Winter housing can be a very stressful time for cattle, particularly if you are moving animals, changing diets and mixing group, and it can have a negative impact on their immune system efficiency, which can result in an increase in the spread of disease. This is especially true if cattle are in high stocking densities in a confined and shared air space.
To mitigate this risk, Paul Williams, technical manager for ruminants at MSD Animal Health, recommends you keep up to date with any booster vaccinations and consider other preventative disease measures, such as a gradual diet change, minimising stressors and a thorough examination of cattle prior to housing.
“Winter is a high risk for pneumonia infection, which is the most common cause of death in all cattle above one month old and can result in poor performing calves. There are a number of steps farmers can take to prevent pneumonia which include, ensuring adequate ventilation in sheds, separating age groups, good hygiene and vaccinating calves,” explains Paul.
Bovine Vial Diarrhoea (BVD) is easily transmitted from cow to cow, especially at housing. BVD control and vaccination programmes are now key aspects of many industry lead initiatives. Cattle can be vaccinated from 8 months of age and the primary course should be completed prior to breeding.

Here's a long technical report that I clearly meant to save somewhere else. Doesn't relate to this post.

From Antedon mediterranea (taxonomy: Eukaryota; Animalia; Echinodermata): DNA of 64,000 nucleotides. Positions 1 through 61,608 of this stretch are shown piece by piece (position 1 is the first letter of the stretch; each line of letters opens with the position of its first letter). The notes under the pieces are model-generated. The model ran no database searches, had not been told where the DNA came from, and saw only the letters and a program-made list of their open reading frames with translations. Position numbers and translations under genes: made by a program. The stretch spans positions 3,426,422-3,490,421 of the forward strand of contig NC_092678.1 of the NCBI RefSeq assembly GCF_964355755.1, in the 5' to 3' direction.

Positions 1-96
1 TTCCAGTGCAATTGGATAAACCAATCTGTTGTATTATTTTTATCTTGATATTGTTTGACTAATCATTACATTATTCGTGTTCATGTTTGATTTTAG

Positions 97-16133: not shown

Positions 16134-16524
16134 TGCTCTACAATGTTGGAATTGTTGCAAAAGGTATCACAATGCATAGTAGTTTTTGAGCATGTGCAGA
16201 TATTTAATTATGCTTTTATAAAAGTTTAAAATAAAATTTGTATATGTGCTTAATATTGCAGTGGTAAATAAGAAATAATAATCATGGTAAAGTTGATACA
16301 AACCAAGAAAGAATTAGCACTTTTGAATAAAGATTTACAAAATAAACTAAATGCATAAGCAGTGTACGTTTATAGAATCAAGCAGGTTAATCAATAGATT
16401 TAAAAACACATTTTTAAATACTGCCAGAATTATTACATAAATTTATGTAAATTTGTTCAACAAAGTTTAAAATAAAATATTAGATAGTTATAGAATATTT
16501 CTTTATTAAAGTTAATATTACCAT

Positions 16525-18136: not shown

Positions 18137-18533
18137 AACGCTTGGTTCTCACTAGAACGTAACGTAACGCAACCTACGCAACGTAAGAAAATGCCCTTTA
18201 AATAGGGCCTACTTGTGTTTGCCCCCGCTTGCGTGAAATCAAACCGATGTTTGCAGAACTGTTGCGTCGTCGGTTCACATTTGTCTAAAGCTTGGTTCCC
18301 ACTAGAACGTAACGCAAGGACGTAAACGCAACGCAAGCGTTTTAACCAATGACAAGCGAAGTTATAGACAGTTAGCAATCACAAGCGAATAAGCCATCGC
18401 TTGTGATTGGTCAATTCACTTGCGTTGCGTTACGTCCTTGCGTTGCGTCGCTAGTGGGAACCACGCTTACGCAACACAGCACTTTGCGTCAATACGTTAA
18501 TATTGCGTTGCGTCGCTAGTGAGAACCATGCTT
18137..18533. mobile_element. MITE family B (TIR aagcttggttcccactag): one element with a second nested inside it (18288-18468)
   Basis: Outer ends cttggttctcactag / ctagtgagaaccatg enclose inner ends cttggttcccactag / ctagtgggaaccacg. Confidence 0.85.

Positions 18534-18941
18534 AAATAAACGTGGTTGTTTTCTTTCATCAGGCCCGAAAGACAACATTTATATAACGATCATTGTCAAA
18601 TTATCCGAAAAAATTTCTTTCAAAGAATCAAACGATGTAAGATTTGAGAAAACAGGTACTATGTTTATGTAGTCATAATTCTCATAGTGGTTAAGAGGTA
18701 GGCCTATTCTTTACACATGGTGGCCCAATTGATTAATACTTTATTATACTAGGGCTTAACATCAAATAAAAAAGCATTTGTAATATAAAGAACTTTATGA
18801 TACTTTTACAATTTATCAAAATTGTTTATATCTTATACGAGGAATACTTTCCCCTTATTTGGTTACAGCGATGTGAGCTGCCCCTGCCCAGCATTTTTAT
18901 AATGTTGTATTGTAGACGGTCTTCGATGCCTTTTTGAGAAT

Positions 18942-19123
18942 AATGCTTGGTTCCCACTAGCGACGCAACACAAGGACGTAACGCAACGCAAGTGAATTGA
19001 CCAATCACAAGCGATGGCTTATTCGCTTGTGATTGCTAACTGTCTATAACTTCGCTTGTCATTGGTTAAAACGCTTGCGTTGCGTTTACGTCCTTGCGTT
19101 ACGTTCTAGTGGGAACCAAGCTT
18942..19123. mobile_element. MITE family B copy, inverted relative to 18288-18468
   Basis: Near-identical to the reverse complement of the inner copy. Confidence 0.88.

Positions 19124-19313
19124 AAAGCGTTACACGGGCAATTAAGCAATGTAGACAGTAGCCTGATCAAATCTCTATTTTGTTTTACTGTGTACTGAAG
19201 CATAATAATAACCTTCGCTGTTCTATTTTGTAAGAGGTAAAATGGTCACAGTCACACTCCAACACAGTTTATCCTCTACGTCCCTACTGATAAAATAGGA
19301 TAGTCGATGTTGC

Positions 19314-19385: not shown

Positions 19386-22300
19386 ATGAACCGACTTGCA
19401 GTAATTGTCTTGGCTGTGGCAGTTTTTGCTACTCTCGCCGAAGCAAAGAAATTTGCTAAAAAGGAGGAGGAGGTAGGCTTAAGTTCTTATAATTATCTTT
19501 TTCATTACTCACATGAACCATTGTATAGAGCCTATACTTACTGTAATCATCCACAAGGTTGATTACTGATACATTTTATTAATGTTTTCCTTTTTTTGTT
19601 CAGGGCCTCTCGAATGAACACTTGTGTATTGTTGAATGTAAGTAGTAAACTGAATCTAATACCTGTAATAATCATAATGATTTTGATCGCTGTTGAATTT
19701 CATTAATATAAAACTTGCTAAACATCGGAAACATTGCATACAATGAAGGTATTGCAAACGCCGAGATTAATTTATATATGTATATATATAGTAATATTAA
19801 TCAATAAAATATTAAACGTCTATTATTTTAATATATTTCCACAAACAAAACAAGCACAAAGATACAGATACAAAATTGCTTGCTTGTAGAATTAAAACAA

Regular mobility scoring, regular footbathing and routine foot trimming is recommended to keep on top of any lameness that arises over the housing period, as well as the rest of the year. Poor cubicle designs and prolonged standing times on concrete are both contributing factors. Winter housing is a good time to mobility score and organise a routine trim.
“Assessing body condition score regularly throughout the winter housing period will help determine your winter feed ration and whether it is adequate. This is particularly important in extreme cold as good nutrition is essential for cattle to maintain their core body temperature. AHDB’s body condition scoring sheet will give a detailed description and accurate illustrations to help with scoring and is a useful way of measuring body fat reserves.” , adds Paul.
All aspects of cow management should be focused towards maintaining a healthy herd and good welfare to optimise performance and sustainability.